Dr. Jeffrey L. Karasick, a neurosurgeon at Weiss Memorial Hospital, next testified that his examination of Lowe on April 14, 1975, disclosed that Lowe had skull lacerations that had been closed with 60 sutures. There was some swelling about his head and eyes and some bruising on his forehead. Lowe's hands were swollen and immobilized and X-rays showed no skull fracture, but both hands were broken. Dr. Karasick said that the injuries were caused by a hard, blunt object, and could have been frgm a chain or pipe. Lowe was admitted to the hospital on April 14, 1975, spent four days in intensive care and was discharged on April 24, at which time he had casts on both hands. He was readmitted on May 7 with infections in the head wounds and was discharged a week later. Dr. Karasick testified that there was permanent damage to Lowe's thumb which could be attributed to the nature of the fracture suffered, but that aging, infection or certain disease could have had the same effect.

The pipe and the pipe and chain were admitted into evidence, as were pictures of Lowe's head injuries, and the State then rested its case.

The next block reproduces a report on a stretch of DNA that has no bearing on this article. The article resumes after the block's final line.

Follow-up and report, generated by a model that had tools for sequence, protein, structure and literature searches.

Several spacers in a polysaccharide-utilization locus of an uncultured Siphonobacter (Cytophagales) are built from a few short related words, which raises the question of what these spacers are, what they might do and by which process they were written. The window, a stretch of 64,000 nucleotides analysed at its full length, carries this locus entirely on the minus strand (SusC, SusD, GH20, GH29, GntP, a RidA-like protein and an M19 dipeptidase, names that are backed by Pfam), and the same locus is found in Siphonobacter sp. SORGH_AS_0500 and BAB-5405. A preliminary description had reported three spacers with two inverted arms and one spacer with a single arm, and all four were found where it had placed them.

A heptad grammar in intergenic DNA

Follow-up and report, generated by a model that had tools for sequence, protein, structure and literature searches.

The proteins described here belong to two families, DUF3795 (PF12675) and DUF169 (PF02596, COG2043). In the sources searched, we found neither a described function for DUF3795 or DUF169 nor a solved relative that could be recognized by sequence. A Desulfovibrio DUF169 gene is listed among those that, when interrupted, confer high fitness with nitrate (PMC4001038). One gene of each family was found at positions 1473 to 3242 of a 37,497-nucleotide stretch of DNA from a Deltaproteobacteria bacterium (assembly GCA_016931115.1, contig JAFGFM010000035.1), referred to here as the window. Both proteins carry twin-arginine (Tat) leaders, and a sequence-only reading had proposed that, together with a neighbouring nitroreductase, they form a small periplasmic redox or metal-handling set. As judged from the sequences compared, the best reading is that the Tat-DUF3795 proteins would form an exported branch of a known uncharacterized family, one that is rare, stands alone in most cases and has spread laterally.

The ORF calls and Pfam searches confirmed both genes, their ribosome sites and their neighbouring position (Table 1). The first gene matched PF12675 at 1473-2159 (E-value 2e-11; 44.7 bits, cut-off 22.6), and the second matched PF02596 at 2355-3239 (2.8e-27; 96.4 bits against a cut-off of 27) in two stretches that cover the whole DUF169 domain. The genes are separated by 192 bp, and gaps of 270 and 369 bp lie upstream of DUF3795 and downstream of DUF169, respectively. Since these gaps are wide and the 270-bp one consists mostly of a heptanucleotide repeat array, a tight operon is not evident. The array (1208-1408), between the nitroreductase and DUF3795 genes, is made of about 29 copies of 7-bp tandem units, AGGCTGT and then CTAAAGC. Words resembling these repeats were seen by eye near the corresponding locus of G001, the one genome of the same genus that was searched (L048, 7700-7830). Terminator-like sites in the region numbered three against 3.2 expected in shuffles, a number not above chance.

Sharon Kay Camacho testified on behalf of the defense that on the night in question she lived in apartment 311 at 4119 North Kenmore. She and a friend, Peggy Hammond, had gone to Sheridan `L' Liquors around 11:30 p.m. and sat next to each other at the back of the bar while they had a drink. Lowe came over and sat next to Peggy Hammond, struck up a conversation with her and bought her some drinks. Camacho, who said she was drinking wine, testified that she was buying her own drinks and that Lowe never offered to buy her one. She also stated that she knew no one else at the bar that night.

Camacho further stated that after about an hour, Lowe having offered Peggy Hammond $20, Peggy Hammond asked Camacho if she could borrow her apartment keys because she needed some money and wanted to take Lowe up there. Camacho refused to give up her keys but offered to go with the other two and let them in. Lowe then borrowed a $50 bill from the bartender John. Camacho, Lowe and Peggy Hammond left the bar around 1:30 a.m. and went around the corner to Camacho's apartment. Camacho let Lowe and Peggy Hammond in, told them she would return in 20 to 25 minutes, and closed and locked the door behind her. She then went downstairs to Peggy Hammond's apartment where her children were with a baby sitter.